I think I can mostly blame the dreary April weather we’ve been having here on the frequency of zombies in everything I do, but last night I had another dream that would potentially translate well into another zombie novel. They just seem to be everywhere in my head lately. If in two more posts or so, I’m still writing something new about zombies, I might have to look into this a little, because then I’ll be worried.
The dream was a very typical zombie action-adventure film/story where the main character, a young woman visiting friends, find her world turned upside down by the sudden appearance of brain-sucking, body-ripping, insatiably hungry zombies. It went through some of the typical progressions: the startling realization, the first escape, and then finding oneself in the company of other escapees and attempting to form some sort of plan in the hopes for survival when everything seems doomed. They wound up in a school building, dark but protected, at least for a little while. When the zombies eventually get in, the party is divided (or killed) and the main character is once again left to her own devices. She escapes for a while into the wilderness, and then happens along a small town where she can picked up some hints of what’s going on: by now, some people have managed to get on or avoid the zombies. They seem to move in groups, and the humans are adapting. Many are trying to escape north; there are fewer zombies there and many have family and loved ones there, and are hoping to catch up with them. The main character joins this exodus, but there are so many people trying to get north that the boats and trains are filled to the brim and there’s a lot of clogging and waiting at the depots.
So of course it’s the depot that the zombies eventually find, descending on the waiting people like ravenous monsters. Panic rips through the crowd and the main character does her best to fight her way onto the train. Once on the train, she can buy herself more time, and you have your typical scene of people turning on their animal instincts to fight each other and show no mercy to save themselves, only themselves, and once alone with each other on the train, the humanity settles in and they realize what they’ve done.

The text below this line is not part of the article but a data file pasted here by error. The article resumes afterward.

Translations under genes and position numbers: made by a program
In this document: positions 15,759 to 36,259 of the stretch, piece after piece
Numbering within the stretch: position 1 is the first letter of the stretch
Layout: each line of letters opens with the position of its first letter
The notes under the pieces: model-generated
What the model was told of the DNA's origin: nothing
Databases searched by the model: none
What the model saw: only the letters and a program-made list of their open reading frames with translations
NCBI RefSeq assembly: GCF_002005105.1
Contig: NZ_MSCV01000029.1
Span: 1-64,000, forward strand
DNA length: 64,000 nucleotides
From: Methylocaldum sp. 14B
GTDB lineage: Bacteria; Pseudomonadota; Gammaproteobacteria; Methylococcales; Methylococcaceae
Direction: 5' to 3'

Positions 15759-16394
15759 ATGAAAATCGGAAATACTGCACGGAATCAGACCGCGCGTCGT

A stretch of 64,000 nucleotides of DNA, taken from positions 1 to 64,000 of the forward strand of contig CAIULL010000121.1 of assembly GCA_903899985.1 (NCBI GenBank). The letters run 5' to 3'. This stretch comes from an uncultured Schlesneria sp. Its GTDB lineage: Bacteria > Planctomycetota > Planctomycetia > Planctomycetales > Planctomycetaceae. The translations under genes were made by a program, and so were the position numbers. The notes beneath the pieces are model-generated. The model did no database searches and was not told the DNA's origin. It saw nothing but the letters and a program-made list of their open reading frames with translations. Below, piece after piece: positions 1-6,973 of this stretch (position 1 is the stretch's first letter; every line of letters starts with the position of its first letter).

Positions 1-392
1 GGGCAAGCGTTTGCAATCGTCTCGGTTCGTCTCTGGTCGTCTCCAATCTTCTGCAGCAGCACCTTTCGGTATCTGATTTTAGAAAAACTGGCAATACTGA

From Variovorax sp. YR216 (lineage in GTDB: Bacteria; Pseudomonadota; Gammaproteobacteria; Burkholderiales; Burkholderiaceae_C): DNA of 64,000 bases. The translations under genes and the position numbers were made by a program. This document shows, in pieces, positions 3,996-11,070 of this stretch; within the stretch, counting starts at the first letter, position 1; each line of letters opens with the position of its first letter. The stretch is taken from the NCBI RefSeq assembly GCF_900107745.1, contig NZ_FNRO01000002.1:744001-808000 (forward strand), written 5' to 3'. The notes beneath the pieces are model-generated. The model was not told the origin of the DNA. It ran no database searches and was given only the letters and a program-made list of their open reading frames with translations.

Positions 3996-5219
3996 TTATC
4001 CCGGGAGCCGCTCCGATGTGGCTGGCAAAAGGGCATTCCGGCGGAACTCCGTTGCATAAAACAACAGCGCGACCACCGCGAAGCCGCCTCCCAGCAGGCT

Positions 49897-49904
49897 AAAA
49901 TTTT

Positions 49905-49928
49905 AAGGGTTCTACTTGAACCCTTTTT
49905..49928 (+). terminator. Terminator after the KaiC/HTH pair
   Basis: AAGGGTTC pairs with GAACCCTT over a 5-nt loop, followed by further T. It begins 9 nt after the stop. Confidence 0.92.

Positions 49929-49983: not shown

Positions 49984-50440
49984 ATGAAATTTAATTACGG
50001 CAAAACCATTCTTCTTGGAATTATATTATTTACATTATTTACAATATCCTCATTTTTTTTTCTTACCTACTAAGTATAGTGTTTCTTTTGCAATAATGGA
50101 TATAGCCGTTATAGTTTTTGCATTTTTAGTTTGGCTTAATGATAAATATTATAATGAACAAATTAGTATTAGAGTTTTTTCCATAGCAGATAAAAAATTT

Of course, a zombie or two have made it onto the train, but it winds up being a good thing, because it leads the main character to realize a very important fact: the zombies only attack if a person is running away from them. If you keep calm and just go about things as usual, it’s like they don’t even notice you. They seem to be motivated by the panic, or perhaps, like T-Rex, the movement is what catches their eye and inspires their wrath. This makes them easy to dispose of if you just keep calm or, really, to just go about things without doing anything to them at all.
Slowly, people make this realization so by the time the main character gets to the north to reunite with her loved one, things are in an eerie state of peace and calm. He’s even remodeled their cute little apartment (this detail is somehow my favourite; I want that apartment), and life goes on. Sometimes, in the neighbourhood, there’s a sudden zombie alert, where everyone must stop everything and just stay still for a while for the creatures to amble through, but then back to life as usual.
It took a really different turn that what I would expect and it actually has kind of a happy end, which is rare for zombie stuff, I feel. So maybe, when I’m hard up for a zombie piece again, I can fall back on this one and try to give it a go. It could be a lot of fun to write, and it would really help with my action scenes, too. In my head, the scenes in the school are some of my favourites, and, of course, the conclusion. We shall have to see, since I think working on one zombie novel at a time is enough!